Objective: To investigate the cross-sectional and longitudinal associations of 10-second heart rate variability (HRV) with various domains of cognitive function in older participants at risk of cardiovascular disease. Methods: We studied 3,583 participants, mean age of 75.0 years, who were enrolled in the Prospective Study of Pravastatin in the Elderly at Risk. From baseline 10-second ECGs, standard deviation of normal-to-normal intervals was calculated as the index of HRV. Four cognitive domains were assessed at baseline and repeated during a mean follow-up period of 3.2 years. Results: Lower HRV at baseline was associated with worse performance in reaction time (mean difference between low third vs high third of HRV 1.96 seconds, 95% confidence interval [CI] 0.20 to 3.71) and processing speed (-0.57 digits coded, 95% CI -1.09 to -0.05). During follow-up, participants with lower HRV had a steeper decline in processing speed (mean annual change between low third vs high third of HRV -0.16 digits coded, 95% CI -0.28 to -0.04). There was no difference in annual changes of reaction time or immediate and delayed memory among HRV thirds during follow-up. All these associations remained unchanged after adjustment for medications, cardiovascular risk factors, and comorbidities. Conclusions: Participants with lower 10-second HRV have worse performance in reaction time and processing speed and experience steeper decline in their processing speed, independent of medications, cardiovascular risk factors, and comorbidities.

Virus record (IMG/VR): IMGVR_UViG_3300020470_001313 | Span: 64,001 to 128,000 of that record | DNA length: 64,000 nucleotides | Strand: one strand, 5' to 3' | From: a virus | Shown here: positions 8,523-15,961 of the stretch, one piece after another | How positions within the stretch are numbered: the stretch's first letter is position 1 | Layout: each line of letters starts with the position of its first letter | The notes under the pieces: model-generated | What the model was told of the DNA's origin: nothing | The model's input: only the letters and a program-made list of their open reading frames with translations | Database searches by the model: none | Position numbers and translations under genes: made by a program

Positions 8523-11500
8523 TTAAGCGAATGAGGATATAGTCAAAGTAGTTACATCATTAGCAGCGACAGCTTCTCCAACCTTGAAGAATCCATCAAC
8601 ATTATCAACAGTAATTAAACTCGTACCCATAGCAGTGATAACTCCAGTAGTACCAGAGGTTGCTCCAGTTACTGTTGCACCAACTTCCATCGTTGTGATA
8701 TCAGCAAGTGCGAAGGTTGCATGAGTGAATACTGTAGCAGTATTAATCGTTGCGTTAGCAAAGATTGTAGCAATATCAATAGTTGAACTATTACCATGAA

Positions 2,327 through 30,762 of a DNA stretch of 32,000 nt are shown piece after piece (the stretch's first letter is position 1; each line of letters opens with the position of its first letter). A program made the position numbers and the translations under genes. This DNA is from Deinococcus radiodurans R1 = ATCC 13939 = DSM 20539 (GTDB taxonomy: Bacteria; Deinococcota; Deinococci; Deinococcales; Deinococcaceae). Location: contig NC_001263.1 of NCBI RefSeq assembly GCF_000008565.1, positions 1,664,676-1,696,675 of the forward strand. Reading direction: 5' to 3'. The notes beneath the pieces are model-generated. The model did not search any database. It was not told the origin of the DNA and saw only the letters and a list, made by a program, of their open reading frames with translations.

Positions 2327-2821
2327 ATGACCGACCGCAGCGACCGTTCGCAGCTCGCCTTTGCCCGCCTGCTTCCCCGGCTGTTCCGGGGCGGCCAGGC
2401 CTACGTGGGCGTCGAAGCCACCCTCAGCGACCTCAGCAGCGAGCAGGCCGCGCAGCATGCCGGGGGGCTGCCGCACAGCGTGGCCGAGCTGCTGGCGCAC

ASJC Scopus subject areas
- Clinical Neurology